Islamic Extremists: Agents of Terror. The shadowy enemies that must be stopped wherever they lurk. The boogieman that haunts our nightmares. Those bastards made us grieve and for that we have made them pay and pay and pay and never stop paying. They pay with their lives. They pay with their dignity. They pay with their sovereignty and right to self-determination. They pay in Gitmo just as they paid at Abu Ghraib. They pay when our drones turn their weddings into funerals. Hundreds of thousands of brown skinned people — faceless, nameless men, women and children are sacrificed at the altar of our insatiable, self-serving, narcissistic grief. But every now and then we’re delivered a grim reminder that they grieve too.

Things Fall Apart

Why do I focus on grief? Because recently, as the uneasy peace between leftists and liberals unravels, I’ve been bombarded by the notion that I’m not grieving enough for the “right” kind of people. I didn’t put on a display of heartbreak and grieving for the two NYPD officers that were murdered by an enraged Black man who wanted someone to pay for his grief over the unpunished murders of Eric Garner and Mike Brown. And this week I refused to change my Facebook status to “Je Suis Charlie” in honor of cartoonists who clearly reveled in passing off their racist, xenophobic and quite frankly at times heartless “art” as heroic tributes to Free Speech.

This Racist Cartoon Would Be A Lot Funnier If It Were More Degrading To Victims of Sex Trafficking and Written In French

This Racist Cartoon Would Be A Lot Funnier If It Were More Degrading To Victims of Sex Trafficking and Written In French

Even more creepy is the way the character attacks I’ve been subjected to have been filtered through the lens of liberalism and couched in leftist platitudes. The NYPD is painted as working-class heroes under violent attack by the wild-eyed lumpen underclass! The cartoonists of Charlie Hebdo are lionized not only as iconic martyrs for Free Speech, but as great leftist thinkers as well! Failure to comprehend their so-called cutting-edge satire reveals one as an unsophisticated simpleton unappreciative of the finer points of French culture. (As an aside, I studied the culinary arts under French Chefs and still have the screaming nightmares to attest to that experience. This isn’t to say the French are all vicious people, only that there’s a darker side to French culture than our starry-eyed notions of dry wit, fine wines and romantic frolics through the lavender fields.)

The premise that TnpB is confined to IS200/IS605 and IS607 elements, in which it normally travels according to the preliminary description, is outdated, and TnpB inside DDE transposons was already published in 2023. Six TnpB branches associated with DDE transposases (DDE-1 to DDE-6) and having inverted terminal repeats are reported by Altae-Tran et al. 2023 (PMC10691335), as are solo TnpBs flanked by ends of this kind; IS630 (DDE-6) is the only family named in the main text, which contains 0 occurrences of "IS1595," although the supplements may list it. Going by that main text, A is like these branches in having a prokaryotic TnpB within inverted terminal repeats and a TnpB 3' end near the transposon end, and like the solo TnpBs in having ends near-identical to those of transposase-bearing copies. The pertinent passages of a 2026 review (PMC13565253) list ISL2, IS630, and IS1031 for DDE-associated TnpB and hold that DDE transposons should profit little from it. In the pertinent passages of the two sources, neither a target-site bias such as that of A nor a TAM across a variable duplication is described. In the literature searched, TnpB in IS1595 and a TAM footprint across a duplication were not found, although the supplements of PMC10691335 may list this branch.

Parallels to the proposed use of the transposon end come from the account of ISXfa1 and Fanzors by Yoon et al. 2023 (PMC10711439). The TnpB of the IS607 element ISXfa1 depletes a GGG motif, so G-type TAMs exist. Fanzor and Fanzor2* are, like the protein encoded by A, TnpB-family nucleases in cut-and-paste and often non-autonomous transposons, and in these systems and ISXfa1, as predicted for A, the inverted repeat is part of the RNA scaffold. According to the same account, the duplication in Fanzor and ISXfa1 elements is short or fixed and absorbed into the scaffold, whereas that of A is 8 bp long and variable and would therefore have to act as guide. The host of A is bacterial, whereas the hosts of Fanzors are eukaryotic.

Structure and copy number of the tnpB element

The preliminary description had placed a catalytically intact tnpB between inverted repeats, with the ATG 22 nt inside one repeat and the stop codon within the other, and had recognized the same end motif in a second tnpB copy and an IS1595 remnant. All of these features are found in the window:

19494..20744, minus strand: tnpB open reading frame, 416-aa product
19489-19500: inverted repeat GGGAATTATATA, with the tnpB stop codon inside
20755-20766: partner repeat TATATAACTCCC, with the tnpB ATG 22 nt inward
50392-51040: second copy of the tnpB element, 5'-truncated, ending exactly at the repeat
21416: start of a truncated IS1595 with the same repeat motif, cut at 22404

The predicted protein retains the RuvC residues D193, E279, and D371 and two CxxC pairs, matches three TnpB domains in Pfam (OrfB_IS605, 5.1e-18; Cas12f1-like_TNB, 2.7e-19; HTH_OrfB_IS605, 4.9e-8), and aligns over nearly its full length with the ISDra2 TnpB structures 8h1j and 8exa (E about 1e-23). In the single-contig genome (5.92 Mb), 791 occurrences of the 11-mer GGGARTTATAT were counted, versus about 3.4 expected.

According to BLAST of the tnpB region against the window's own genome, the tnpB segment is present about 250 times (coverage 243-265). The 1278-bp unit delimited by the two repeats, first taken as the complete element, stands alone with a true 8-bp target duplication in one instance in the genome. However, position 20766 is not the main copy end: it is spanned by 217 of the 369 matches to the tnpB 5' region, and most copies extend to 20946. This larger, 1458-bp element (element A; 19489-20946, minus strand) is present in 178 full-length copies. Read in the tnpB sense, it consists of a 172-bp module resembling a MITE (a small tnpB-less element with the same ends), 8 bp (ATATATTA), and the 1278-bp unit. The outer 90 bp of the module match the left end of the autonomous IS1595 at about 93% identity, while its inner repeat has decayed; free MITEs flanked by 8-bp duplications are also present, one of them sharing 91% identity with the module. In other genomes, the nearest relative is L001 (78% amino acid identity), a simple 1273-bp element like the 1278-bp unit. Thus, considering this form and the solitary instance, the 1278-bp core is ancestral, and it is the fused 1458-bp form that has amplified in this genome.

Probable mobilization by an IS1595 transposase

Mais, Oui! "Angry Sex Slaves Want Their Welfare Checks!" Now It's Hilarious

Mais, Oui! “Angry Sex Slaves Want Their Welfare Checks!” Now It’s Hilarious

I shouldn’t have to explain to anyone but the most simple-minded cretins that failure to wallow in an hysterical orgy of grief isn’t the same as condoning murder. I refuse to be bullied by chest-thumping opportunists who want to use grief as a weapon. I won’t be made to grieve for two NYPD officers who wore the uniform and carried the badge of state-sponsored terror against poor people of color whose neighborhoods have been held under siege. I won’t be made to grieve for smug, elitist racists who used their talent to strike at the world’s most vulnerable people instead of aiming at targets of power — who might strike back in far more insidious ways than a few masked gunman ever could.

The Road to Hell Is Paved With…?

What I dodged on 9/11 due to my tardiness was a fate far, far worse than death — that’s the day I escaped being condemned to Hell; never to be allowed to rest in peace as long as collective grief provides an excuse for hate, cowardice and mass-murder. No longer able to speak for themselves, these victims have been reduced to ventriloquist dummies mouthing the words of a bloodthirsty Empire with an insatiable appetite for the resources of the world. Our grief has been harnessed as a Weapon Of Mass Destruction.

As for Eric Garner and Mike Brown and John Crawford, and all the nameless, faceless murdered victims of Police Brutality and U.S. Imperialism from Staten Island to Gaza, I’ll admit that my heart hurts for them. Still I know that my heartbreak and $5 won’t even buy them a cup of coffee at Starbucks, since they’d be too dead to enjoy it. No, I think we owe them something far more significant than our grief.

For them I say, Don’t Mourn, Organize.